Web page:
Tag Archives: explosive child

Calming the Explosive Volcano — Handout Set

Calming the Explosive Volcano—Handout Set

Please click on this link  Handout List to view the contents of the course “Calming the Explosive Volcano.”

You will notice that the hand outs are divided into three sections:
1. Old School and New School Parenting;
2. Listening and Other Relationship Skills for Parents;
3. Use Listening to Co-create Agreements.

Listening is the only way help calm an erupting volcano, hard as it might be. The real value in using the listening skills/techniques presented in this course and the hand outs is that they empower the parent to reach agreements about how the child will behave the next time s/he becomes frustrated  and would ordinarily fly into a rage, a tantrum, or angry meltdown. You can’t put the cork back in the champagne bottle once is bubbling over, and you can’t reason with a child during an explosive eruption. But you CAN use the parent’s “magic wand” (listening skills) help the child think through his/her problem and come to an agreement with you about a better way to deal with a frustrating situation the next time it occurs. This can be done  with children as young as two years and adults as well.
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For a detailed presentation of the 9 key relationship skills needed in all healthy adult-adult or parent-child relationships, see the details of my book, 3 Steps to Parent-Child Harmony.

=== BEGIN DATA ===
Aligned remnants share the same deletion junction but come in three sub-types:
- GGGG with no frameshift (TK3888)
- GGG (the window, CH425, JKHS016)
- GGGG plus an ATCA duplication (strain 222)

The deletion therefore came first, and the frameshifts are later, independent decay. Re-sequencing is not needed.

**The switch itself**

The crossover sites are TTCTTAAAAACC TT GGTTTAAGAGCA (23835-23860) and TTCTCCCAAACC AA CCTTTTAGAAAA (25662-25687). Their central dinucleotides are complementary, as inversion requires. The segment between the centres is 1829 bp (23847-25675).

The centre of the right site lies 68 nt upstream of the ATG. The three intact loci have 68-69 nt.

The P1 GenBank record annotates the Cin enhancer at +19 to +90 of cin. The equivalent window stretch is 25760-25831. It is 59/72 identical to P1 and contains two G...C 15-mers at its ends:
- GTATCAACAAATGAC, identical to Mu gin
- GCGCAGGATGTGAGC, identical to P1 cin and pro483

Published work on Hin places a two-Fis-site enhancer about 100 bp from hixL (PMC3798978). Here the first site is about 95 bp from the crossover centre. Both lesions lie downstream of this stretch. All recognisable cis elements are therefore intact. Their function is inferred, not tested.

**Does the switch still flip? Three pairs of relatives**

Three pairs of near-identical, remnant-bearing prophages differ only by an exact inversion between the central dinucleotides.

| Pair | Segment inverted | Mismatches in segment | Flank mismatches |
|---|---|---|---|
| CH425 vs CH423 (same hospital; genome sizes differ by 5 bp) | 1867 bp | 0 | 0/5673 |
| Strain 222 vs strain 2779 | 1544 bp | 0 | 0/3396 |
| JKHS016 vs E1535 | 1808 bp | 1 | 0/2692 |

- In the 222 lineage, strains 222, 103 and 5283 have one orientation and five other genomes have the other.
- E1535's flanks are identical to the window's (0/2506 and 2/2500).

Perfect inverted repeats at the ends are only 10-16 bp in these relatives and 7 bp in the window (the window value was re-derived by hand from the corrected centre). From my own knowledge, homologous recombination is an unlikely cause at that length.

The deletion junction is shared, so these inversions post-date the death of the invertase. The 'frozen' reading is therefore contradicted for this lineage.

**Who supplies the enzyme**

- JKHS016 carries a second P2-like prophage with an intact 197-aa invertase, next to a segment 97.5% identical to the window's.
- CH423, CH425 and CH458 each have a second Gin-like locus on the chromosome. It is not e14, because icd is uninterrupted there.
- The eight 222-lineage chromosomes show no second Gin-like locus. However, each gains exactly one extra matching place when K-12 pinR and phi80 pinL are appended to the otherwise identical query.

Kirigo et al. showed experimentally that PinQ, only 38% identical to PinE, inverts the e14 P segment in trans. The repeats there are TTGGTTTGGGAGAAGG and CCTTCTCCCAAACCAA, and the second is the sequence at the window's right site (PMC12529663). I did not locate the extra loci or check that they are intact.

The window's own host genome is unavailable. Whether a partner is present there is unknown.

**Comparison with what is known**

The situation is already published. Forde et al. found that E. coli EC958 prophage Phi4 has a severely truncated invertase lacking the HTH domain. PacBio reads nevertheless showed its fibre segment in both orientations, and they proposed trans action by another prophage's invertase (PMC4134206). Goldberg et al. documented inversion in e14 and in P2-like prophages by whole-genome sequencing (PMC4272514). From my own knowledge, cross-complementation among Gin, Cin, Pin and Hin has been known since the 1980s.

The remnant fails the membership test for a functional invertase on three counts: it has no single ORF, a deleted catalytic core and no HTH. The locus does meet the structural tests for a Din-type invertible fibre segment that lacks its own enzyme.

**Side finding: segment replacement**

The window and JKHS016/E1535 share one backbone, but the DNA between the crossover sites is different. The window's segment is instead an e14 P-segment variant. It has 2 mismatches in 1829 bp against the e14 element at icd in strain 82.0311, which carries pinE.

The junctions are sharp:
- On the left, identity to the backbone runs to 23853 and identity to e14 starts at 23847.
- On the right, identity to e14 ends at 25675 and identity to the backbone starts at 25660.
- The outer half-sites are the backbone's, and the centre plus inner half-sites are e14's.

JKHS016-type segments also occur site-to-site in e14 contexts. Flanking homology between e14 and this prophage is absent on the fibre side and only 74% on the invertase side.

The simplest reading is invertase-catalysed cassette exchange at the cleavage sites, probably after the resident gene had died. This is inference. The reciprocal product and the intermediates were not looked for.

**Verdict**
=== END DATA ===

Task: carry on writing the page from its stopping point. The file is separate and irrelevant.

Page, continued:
Learn More about 3 Steps to Parent-Child Harmony

The Delusion of Control

The Delusion of Control

This material is based on my Volcano Theory.

The English language plays tricks on us that we either don’t notice, or just live with. For example, we erroneously say, “The sun rises and sets.”

We do this with people too. On the internet advertisers talk about “driving traffic” to a specific website. This kind of talk is a delusion that the advertiser’s methods can somehow control the choices a searcher makes and “drive” him or her to the website.

We often delude ourselves into thinking a parent can or should be able to control a child’s behavior. Here’s why that’s impossible.

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